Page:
Please tell us more about your forthcoming projects on developing art in Nigeria.
Almost thirty years after I finished my studies; I am embarking now on a major project to strengthen my understanding and my competence in this field. Last year, I completed a Masters degree in Art History and I am working already towards a doctorate. Now, when somebody asks me about what I do, I tell them that I used to be an architect and project manager, but I have become a student. And a happy student, for that matter… Having to read, study and articulate ideas in a clear and coherent way, is forcing me to rethink some of my preconceptions and beliefs. As it happens in all fields, the effort of going deeper brings to me the reward of the discovery of new things, new perspectives, practices and theories necessary. I am thoroughly enjoying being a student. I believe documentation and basic information necessary are crucial at this stage in the development of the visual arts in the country. For this reason, a couple of years ago, Yinka Fisher and I started a foundation whose primary focus is the documentation of Nigerian art: the Foundation for Contemporary and Modern Visual Arts (FCMVA). In addition to video documentaries, recently, we have published a large book on the works of Kolade Oshinowo. It is already in the bookshops. I am working now on two other book projects: a Manual for Collectors and a monograph on a well-known, though younger artist. It is clear to me that Nigerian art needs many more people looking at it and promoting, documenting and curating it from different perspectives and for different audiences. Art is a tremendously rich and complex reality that has great things to offer for everybody. I am a very fortunate person, to be part of this growing Nigerian art world.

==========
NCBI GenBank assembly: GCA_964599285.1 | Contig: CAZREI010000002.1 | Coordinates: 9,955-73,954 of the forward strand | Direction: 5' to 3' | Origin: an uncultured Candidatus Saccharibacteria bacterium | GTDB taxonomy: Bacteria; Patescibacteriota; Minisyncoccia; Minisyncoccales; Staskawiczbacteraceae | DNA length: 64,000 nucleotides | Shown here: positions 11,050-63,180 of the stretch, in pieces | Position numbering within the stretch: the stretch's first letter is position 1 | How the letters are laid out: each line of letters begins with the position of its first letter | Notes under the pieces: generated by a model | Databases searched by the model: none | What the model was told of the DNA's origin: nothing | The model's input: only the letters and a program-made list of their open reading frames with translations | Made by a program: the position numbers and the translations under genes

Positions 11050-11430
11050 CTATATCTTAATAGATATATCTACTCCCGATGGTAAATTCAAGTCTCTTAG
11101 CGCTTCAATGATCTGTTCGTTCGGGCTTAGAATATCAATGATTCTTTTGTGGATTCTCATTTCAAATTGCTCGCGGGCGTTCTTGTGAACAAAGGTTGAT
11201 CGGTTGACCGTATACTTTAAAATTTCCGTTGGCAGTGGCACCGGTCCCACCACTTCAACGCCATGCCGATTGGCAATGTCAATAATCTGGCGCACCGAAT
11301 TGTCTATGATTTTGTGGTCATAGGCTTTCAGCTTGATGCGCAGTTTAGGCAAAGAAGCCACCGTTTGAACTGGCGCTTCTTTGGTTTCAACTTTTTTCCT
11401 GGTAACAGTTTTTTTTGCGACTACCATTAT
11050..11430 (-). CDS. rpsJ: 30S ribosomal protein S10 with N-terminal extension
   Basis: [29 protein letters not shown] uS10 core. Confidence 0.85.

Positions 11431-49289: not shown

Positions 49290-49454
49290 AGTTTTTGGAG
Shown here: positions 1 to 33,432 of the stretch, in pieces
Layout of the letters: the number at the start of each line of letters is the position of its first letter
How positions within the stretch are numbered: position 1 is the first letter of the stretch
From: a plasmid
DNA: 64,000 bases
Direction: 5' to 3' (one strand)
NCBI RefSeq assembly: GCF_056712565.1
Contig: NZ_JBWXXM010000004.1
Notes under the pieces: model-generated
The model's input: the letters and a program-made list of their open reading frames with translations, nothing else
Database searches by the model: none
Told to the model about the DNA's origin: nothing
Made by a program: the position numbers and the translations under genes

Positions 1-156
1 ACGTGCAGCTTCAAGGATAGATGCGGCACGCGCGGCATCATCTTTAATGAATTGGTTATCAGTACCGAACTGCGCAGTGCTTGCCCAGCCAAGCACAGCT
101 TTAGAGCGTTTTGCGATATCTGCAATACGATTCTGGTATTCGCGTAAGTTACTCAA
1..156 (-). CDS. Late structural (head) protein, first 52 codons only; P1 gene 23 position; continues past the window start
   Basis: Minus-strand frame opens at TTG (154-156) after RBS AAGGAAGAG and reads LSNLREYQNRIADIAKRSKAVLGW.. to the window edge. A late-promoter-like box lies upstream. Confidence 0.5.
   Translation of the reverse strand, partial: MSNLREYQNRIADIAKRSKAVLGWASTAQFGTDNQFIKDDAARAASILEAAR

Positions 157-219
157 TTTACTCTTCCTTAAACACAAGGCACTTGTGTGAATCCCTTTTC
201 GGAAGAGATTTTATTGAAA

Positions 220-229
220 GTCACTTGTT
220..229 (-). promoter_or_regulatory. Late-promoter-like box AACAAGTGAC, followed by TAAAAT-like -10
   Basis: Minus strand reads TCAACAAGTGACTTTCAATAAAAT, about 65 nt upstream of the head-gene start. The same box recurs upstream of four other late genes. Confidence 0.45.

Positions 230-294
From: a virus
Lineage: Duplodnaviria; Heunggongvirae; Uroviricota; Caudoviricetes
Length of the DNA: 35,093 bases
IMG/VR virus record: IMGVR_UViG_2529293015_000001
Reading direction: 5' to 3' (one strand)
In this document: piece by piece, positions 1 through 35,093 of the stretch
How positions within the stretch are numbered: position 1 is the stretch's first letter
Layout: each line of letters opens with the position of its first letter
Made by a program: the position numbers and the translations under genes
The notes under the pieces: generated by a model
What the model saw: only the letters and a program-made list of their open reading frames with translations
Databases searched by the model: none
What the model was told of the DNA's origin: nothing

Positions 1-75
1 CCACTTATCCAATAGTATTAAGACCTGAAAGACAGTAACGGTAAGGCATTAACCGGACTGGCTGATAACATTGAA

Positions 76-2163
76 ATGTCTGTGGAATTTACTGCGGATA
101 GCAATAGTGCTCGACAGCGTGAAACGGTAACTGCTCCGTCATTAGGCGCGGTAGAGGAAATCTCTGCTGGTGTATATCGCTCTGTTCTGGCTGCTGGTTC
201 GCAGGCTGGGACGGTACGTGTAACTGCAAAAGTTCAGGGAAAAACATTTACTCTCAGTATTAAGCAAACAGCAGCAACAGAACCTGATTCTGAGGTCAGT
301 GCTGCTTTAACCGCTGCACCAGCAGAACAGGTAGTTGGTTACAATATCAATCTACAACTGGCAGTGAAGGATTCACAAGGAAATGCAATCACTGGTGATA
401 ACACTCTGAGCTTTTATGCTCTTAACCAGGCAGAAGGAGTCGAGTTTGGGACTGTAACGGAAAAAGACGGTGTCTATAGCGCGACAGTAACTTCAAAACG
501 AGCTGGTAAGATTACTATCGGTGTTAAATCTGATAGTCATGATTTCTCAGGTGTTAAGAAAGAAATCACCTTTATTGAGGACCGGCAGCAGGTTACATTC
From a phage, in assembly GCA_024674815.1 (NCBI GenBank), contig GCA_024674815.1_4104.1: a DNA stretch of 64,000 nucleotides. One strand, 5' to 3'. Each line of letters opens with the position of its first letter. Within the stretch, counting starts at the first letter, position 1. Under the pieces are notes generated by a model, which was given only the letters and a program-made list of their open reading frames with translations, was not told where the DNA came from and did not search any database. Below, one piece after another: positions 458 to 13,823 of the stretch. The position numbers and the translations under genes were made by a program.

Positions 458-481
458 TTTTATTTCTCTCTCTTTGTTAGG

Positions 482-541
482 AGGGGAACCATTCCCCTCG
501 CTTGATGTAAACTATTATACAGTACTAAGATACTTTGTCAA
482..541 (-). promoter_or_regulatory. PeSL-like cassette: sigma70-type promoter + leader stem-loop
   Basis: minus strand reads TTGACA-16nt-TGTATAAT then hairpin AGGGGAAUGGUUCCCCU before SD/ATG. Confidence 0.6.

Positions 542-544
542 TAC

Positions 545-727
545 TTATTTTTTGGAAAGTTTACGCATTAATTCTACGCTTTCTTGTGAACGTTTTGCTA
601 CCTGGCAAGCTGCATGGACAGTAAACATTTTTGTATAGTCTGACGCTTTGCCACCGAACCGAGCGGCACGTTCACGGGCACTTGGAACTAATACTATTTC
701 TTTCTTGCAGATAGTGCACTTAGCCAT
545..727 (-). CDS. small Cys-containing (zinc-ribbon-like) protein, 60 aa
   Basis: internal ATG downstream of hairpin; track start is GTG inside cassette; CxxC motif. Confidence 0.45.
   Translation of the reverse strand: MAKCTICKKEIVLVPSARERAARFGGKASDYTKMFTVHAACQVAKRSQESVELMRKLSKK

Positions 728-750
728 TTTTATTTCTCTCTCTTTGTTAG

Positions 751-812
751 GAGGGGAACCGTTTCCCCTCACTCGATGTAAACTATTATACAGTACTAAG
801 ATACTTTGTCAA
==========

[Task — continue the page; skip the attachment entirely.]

Oliver Enwonwu is founder and Editor-in-Chief of Omenka magazine, Director, Omenka Gallery and Chief Executive, Revilo. He holds a first degree in Biochemistry, advanced diploma in Exploration Geophysics (distinction), Post Graduate Diplomas in Applied Geophysics and Visual Art (distinction) and a Masters in Art History, all from the University of Lagos. He is the founder, Executive Director, and trustee of The Ben Enwonwu Foundation. He also sits on the board of several organizations including the National Gallery of Art, Nigeria and the Reproduction Rights Society of Nigeria. Enwonwu is also president of both the Society of Nigerian Artists and the Alliance of Nigerian Art Galleries.